The protein myth
Newsflash: all plants contain protein and all nine amino acids. Chances are, you’re meeting or exceeding your protein needs on a plant-based diet.
Protein is made up of amino acids, which are often called the building blocks of life. When we consume protein, our digestive system breaks the protein molecules down into their constituent amino acids, which are then absorbed by our bodies and used to create over 30,000 different proteins, from antibodies to hormones to enzymes to transport molecules, and much more, that are essential to our bodies’ functioning. Proteins are defined by the amino acids that they contain and the sequence in which the acids occur.
ALL ABOUT AMINOS
There are two major classes of amino acids: essential amino acids (EAAs) and non-essential amino acids (NEAAs). Like essential and non-essential nutrients, NEAAs are those our bodies can manufacture on their own, and therefore we do not require them in our diet. EAAs, on the other hand, cannot be produced by our bodies, so we must obtain them from the food we eat. If we supply our body with sufficient EAAs, they will work together with the NEAAs to manufacture all of the protein molecules we require.
EAAs are found in different concentrations in plant and animal foods, which leads to these foods sometimes being described as ‘incomplete’ and ‘complete’ proteins. These terms would make most people think that plant foods are missing certain EAAs, but that is not true – all plants contain all nine EAAs.
The term ‘incomplete’ only means that the quantity of one or more of the EAAs in a particular plant food is lower than what is considered optimal. The problem with this narrow view of protein consumption is that, instead of looking at the overall dietary pattern, it judges a single food in isolation.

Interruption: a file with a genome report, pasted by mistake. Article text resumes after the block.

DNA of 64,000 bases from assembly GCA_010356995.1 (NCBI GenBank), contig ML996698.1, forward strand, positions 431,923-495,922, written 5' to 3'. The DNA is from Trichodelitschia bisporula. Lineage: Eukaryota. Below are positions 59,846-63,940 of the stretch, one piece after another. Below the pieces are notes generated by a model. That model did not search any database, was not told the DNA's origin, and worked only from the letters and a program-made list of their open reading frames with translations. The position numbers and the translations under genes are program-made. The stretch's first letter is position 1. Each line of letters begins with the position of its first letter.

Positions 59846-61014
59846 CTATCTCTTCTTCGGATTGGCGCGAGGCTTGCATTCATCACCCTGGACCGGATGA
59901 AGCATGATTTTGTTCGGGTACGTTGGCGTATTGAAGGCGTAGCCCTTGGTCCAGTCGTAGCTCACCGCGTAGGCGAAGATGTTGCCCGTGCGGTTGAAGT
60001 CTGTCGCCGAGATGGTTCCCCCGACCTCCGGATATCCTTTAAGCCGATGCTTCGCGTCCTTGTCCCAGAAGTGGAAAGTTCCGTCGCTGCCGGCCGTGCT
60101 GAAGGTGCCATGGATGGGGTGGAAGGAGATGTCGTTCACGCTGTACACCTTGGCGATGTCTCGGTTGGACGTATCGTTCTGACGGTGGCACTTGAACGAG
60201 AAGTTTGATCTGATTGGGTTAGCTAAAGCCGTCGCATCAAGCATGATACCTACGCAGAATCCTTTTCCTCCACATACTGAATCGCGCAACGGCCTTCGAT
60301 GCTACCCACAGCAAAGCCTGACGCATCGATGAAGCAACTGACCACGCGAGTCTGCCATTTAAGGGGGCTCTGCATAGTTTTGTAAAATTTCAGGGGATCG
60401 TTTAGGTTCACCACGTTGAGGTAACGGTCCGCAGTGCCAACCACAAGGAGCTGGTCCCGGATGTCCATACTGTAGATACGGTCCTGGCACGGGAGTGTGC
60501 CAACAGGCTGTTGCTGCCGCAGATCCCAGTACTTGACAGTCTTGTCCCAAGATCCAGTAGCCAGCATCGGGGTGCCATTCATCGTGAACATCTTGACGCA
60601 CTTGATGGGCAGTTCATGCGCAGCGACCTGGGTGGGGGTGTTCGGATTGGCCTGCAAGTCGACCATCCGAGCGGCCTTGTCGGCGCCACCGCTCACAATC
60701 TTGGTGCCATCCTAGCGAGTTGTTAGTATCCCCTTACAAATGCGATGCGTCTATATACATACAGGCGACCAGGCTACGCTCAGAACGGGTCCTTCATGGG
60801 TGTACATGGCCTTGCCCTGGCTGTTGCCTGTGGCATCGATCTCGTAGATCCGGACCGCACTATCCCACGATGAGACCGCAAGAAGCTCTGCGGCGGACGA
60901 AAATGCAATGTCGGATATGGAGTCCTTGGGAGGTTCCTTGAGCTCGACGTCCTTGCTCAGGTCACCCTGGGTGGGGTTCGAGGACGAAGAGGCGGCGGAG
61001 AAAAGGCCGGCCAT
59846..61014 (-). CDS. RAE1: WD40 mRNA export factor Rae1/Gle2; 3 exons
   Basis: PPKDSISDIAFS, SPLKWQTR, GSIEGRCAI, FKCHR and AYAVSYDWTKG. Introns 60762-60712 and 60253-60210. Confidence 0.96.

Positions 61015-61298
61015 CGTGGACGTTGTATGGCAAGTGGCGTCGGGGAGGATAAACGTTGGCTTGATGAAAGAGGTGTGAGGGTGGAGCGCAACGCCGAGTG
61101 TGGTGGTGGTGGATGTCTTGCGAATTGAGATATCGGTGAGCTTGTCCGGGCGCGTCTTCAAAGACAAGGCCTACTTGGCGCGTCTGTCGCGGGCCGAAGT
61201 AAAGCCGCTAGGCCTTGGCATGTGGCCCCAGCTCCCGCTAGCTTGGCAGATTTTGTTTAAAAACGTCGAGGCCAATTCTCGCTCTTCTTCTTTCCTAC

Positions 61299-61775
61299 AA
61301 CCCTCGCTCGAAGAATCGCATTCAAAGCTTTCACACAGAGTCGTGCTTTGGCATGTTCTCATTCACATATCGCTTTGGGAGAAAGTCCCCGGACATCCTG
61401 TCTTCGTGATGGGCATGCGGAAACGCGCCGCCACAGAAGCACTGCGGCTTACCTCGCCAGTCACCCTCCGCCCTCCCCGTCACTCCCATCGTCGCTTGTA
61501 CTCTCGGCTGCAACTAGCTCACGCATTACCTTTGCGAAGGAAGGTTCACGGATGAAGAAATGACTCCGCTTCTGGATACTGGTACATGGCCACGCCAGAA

The only way this could ever be a problem is if you only ate a single source of protein, such as rice or nuts, as your sole source of calories – and even then, if you were consuming adequate calories, you would still easily be getting all EAAs in the required amounts, except lysine, which would just fall short of the daily recommendations. Fortunately, this is not how we eat and there are plenty of plant foods that are bursting with lysine – beans, lentils, tempeh, and tofu, to name just a few.
You may be wondering whether this means you need to make sure you are eating ‘complementary’ protein sources of amino acids in each and every meal you have. Fortunately, there is no need to become hyper-focused on your amino acid intake, especially if you are eating a diverse range of plant foods. Your body has a constant pool of amino acids from the food you consume across the day.
HOW DIGESTIBLE IS PLANT PROTEIN?
While it’s clear that people eating a wholefood, plant-based (WFPB) diet can easily get enough protein, the other aspect of protein quality that should be considered is its digestibility. You may have even heard someone say that plant protein is less digestible than animal protein. This belief comes from various studies that use one or both of the two main evaluation methods that rate protein digestibility, the PDCAAS and DIAAS. While these scoring systems are somewhat helpful in assessing protein quality, they are far from perfect.
Fortunately, as science advances, we are beginning to see more precise studies conducted in humans and, so far, animal and plant protein digestibility only differ by a few percent. It’s for these reasons that global protein recommendations are not any higher for vegetarians or vegans than others.